Freeman limited to work off the bench

Wrist prevents first baseman from starting remainder of the season

Freeman limited to work off the bench

ATLANTA -- Freddie Freeman's competitive nature will not allow him to enter complete shutdown mode. But the right wrist discomfort he experienced during Tuesday's win over the Nationals was significant enough for him to accept the likelihood he will not be in the Braves' lineup for the remainder of this season.

"It's just one of those things that unfortunately got a little worse," Freeman said. "So, the plan is different than the one we had a couple days ago."

After Monday's visit with Dr. Gary Lourie provided Freeman confidence he could not do any further damage to his right wrist that has proved problematic dating back to June, the plan was for him to start two consecutive games and then take a day off over the remainder of the season. But this plan was scrapped when the discomfort steadily increased as he went 0-for-3 with two strikeouts on Tuesday.

To prevent him from compiling multiple at-bats during any of this season's final five games, Freeman will likely be restricted to duties as a pinch-hitter or late-inning defensive replacement.

"I just want to know what's really causing it," Freeman said. "There is the thought of should I just shut it down? I'd just go stir crazy for [five] days. I know I can get through one [at-bat]. That's what the plan is going to be. Once the season gets done, I'll definitely get it figured out after it calms down for a couple days."

Freeman will likely undergo another MRI exam late next week to determine why he has continued to experience discomfort there after being diagnosed with a right wrist sprain and bone bruise. The injury sidelined him from June 18-July 24. Ten days after returning to action, he suffered an oblique strain that sidelined him for another three weeks.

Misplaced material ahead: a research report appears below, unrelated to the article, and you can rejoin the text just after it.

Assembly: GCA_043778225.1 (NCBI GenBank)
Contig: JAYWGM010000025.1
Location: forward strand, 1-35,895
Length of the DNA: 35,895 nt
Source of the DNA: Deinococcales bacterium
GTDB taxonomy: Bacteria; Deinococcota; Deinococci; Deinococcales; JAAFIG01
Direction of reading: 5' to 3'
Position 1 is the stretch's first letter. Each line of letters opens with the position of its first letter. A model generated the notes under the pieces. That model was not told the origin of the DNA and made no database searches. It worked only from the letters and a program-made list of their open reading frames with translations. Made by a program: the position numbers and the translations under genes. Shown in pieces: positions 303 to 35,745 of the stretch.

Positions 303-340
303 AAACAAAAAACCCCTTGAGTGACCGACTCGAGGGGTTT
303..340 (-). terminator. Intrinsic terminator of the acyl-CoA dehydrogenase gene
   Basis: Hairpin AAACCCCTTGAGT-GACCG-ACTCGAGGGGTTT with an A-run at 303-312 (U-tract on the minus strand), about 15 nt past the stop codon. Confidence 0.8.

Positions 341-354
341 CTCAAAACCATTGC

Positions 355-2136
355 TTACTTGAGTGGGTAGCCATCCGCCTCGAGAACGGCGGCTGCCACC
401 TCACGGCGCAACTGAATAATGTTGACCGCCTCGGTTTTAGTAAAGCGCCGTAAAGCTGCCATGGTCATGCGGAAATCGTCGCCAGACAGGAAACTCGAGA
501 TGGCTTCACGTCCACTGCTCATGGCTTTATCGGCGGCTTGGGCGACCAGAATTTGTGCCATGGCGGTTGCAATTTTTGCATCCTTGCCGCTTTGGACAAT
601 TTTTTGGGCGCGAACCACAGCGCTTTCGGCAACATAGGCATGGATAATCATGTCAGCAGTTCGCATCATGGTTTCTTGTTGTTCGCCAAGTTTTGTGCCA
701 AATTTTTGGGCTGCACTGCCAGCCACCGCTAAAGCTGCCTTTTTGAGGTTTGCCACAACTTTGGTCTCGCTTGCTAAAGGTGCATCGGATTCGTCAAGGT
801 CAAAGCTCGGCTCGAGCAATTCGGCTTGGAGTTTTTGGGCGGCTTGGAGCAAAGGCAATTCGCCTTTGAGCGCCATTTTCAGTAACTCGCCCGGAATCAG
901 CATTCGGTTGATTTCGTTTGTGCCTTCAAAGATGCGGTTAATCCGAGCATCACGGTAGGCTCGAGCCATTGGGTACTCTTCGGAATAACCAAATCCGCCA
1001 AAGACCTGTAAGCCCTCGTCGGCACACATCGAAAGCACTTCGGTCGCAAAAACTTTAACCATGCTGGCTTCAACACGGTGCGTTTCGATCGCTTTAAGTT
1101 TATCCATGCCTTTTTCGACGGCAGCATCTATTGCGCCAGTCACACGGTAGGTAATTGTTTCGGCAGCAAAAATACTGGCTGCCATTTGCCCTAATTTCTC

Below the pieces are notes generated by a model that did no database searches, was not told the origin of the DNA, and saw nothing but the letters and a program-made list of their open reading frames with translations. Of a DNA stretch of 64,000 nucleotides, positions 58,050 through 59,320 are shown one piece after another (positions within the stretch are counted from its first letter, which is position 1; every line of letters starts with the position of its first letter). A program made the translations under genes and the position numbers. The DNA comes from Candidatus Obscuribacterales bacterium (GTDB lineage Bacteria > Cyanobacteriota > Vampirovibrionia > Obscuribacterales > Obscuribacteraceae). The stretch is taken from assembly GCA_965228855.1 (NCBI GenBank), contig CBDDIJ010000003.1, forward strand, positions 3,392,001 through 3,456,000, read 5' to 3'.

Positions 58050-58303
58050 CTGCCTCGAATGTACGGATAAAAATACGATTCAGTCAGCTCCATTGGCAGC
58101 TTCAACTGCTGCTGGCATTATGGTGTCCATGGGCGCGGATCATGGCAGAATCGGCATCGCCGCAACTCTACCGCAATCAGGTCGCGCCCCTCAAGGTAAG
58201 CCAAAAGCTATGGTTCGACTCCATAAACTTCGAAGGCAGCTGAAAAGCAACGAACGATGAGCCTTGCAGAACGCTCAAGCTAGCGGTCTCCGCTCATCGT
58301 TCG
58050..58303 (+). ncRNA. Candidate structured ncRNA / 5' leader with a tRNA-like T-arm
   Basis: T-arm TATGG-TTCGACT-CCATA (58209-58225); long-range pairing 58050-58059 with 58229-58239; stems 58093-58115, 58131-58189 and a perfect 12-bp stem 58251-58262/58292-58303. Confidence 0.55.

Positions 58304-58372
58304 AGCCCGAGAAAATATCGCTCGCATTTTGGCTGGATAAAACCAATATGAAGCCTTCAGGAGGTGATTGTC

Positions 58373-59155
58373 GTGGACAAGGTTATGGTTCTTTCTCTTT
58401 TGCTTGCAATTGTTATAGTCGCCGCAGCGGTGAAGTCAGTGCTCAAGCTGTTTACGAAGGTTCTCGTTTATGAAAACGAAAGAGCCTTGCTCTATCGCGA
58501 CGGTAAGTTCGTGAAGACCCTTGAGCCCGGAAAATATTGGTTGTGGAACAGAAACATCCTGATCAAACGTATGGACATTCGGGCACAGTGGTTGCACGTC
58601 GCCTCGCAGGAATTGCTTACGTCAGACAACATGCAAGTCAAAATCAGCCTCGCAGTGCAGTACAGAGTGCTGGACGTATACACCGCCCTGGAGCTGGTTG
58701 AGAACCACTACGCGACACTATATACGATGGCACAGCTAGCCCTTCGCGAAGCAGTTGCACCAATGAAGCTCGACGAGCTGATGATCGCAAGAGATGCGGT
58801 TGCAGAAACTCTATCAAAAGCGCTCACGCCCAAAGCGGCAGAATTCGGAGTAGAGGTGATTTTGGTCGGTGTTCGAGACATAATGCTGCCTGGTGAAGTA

Much of Freeman's frustration is centered around the fact that his wrist was fine for the first three weeks that followed his second stint on the disabled list. But as the past few weeks have elapsed, he has battled discomfort, which has steadily increased over the course of a game and then usually returned to a tolerable level by the next morning.

"For some reason, as [Tuesday's] game went on it got increasingly worse," Freeman said. "But when I woke up today, it's back to the starting point again. That's a good positive sign."

While Freeman is hoping the further evaluation he undergoes next week will provide some more definitive answers, he remains hopeful that the most effective remedy will simply be some extended rest during the offseason.

"The main goal is to avoid surgery at all costs because I don't want to waste the whole offseason just trying to rehab a wrist," Freeman said.

Mark Bowman is a reporter for MLB.com. This story was not subject to the approval of Major League Baseball or its clubs.